The word "reboot" is one that often urges movie fans to gnash their teeth, cry out about Hollywood's lack of originality, and curse the cash-grabbing bastards surely responsible for making such a thing occur. So, when word hit that New Line was looking to reboot National Lampoon's comedy classic Vacation franchise, the response was predictably negative, even though they'd signed rising comedy writers John Francis Daley and Jonathan Goldstein, who penned the cheered summer comedy Horrible Bosses, to polish the script and helm the project. Perhaps to allay the fears of those fans who have insisted that no one could dare play Clark Griswold besides Chevy Chase, Daley revealed to THR that he agrees. Moreover, he wants Chase and Beverly D'Angelo to reprise their roles as the parents who can't get a break during their holiday family getaways.
In truth, the unnamed reboot doesn't actually sound like a reboot at all as it's intended to center on Rusty Griswold, son of Clark and Ellen, all grown up and experiencing vacation-related mayhem all his own. This sounds like a smart innovation story-wise, as it will allow Daley and Goldstein to bring some new characters into the Griswold fold without ostracizing their best-loved members or fans. Of course, as five different actors have played Rusty over the course of the Griswold's adventures, the writers-turning-directors aren't bound in their casting options for their lead. However, Daley admits,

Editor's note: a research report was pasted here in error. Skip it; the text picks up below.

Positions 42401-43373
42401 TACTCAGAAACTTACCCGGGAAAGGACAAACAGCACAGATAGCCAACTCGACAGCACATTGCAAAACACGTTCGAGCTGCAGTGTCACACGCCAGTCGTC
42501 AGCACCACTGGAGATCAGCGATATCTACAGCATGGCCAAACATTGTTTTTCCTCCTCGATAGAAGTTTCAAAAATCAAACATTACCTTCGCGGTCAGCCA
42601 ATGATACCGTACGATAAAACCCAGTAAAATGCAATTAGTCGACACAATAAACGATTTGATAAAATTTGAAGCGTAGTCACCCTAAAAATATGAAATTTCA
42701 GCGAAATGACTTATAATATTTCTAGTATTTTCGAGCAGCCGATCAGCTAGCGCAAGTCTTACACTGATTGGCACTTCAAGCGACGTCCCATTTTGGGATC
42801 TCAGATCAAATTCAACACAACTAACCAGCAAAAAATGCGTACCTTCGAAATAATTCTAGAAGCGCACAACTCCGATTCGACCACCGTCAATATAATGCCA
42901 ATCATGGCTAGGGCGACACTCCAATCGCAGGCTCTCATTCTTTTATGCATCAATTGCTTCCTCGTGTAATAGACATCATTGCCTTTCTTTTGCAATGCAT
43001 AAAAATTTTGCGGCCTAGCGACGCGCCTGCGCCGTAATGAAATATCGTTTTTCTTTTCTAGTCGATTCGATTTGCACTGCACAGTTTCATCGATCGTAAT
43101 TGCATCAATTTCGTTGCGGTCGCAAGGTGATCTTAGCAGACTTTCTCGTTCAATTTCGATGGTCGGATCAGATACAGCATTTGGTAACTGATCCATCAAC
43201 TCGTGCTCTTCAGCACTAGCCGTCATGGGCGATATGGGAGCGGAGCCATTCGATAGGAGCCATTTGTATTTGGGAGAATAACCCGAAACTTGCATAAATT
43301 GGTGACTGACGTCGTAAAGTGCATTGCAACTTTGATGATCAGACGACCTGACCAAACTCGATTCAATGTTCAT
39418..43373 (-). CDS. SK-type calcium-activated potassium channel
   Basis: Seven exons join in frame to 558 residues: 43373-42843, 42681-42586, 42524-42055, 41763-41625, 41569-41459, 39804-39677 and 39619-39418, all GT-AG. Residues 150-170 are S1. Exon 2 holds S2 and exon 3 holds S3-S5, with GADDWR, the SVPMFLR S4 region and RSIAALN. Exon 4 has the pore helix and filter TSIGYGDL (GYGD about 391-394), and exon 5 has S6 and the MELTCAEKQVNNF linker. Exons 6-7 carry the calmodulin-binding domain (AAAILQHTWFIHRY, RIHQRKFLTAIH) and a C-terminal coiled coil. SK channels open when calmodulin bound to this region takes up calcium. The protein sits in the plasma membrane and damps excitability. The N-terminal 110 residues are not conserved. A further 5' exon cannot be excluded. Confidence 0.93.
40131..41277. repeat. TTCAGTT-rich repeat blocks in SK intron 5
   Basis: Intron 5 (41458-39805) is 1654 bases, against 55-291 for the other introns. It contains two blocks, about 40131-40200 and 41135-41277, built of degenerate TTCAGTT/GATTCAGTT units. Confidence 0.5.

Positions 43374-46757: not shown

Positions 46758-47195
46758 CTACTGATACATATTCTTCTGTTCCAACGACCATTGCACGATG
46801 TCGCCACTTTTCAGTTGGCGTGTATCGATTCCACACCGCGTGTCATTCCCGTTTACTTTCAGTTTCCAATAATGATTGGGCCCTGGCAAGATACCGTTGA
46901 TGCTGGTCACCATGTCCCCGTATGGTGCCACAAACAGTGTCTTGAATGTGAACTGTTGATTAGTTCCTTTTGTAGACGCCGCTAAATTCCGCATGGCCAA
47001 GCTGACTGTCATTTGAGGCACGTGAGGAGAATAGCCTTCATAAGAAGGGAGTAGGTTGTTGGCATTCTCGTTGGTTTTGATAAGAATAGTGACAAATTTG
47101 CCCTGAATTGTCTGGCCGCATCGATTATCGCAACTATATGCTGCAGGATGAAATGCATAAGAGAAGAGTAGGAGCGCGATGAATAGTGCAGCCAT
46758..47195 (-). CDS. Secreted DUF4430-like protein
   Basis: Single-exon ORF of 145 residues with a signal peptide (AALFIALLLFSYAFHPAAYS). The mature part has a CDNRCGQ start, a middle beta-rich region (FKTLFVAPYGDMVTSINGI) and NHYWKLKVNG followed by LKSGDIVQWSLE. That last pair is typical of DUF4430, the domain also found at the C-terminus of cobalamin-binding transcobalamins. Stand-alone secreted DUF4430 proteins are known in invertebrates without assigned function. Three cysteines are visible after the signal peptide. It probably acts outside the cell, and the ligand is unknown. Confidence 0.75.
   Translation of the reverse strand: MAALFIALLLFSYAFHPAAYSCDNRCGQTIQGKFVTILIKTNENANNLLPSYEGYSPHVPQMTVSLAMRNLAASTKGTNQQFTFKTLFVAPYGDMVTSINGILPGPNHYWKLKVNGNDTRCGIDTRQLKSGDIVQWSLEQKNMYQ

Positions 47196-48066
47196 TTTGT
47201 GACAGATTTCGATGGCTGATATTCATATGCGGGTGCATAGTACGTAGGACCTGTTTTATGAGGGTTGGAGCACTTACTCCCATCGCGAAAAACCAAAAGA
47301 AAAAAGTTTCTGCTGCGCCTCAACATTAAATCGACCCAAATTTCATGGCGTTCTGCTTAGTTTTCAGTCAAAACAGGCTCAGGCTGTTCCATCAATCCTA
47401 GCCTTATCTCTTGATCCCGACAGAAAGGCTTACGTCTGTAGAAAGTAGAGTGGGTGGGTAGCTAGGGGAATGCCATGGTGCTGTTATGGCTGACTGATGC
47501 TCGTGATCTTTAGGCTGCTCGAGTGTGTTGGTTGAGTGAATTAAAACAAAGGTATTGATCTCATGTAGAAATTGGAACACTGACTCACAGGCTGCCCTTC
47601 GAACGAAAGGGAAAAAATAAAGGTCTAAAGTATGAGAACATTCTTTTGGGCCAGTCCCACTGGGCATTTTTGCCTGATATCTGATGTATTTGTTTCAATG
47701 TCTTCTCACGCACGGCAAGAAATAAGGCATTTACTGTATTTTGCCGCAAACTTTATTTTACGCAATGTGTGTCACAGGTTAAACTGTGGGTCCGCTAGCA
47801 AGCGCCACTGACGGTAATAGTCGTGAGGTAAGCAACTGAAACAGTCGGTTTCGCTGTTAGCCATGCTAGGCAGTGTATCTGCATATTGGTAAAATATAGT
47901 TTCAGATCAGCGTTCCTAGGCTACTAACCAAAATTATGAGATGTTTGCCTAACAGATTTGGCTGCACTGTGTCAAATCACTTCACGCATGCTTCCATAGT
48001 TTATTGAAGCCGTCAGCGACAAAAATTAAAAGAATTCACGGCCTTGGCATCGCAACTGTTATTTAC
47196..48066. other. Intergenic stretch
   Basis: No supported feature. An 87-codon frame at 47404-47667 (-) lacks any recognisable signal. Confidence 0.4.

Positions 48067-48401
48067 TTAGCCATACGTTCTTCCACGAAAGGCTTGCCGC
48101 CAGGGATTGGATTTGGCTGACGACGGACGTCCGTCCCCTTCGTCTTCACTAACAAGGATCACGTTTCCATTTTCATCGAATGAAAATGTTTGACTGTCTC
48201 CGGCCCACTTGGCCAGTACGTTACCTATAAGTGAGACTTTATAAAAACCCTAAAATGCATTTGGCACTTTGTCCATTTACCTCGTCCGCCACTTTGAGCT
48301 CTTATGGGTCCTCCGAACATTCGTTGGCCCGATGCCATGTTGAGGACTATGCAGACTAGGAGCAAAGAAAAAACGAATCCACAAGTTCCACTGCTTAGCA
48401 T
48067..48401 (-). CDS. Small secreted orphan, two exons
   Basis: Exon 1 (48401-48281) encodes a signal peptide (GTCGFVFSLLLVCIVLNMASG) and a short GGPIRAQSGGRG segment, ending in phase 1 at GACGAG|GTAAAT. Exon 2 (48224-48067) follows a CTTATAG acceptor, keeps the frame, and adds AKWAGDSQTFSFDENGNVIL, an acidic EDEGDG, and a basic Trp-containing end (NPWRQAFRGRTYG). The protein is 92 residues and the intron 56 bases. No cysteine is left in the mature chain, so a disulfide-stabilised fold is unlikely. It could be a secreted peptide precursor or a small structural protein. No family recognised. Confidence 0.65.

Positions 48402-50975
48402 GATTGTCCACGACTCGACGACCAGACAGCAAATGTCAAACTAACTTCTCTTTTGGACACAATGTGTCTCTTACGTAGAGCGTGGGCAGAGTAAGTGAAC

"We don't know who will be playing him, but we intend to have a part for Clark Griswold. Chevy, we're hoping he'll be down to come back -- and Beverly D'Angelo as well."
Now, I would assume that Chase and D'Angelo would have sort of glorified cameos in this Vacation, but personally I think it could be fun to see the pair as knowing grandparents smirking as Rusty fumbles to make the perfect vacation they long tried to attain. Or perhaps the years won't have mellowed the pair at all. Either way, their involvement not only speaks to Daley and Goldstein's commitment to making their Vacation a movie in the vein of the original franchise, but also their respect for those comedies. Plus it's not like they're unaware the stakes are high:
"It is something that we've been warned not to screw up. We have confidence that there's still a lot to tell in the story of the Griswolds."
I totally agree, and look forward to seeing what's in store in the second generation of family shenanigans. Hopefully Chase and D'Angelo will be game to revisit the Griswolds.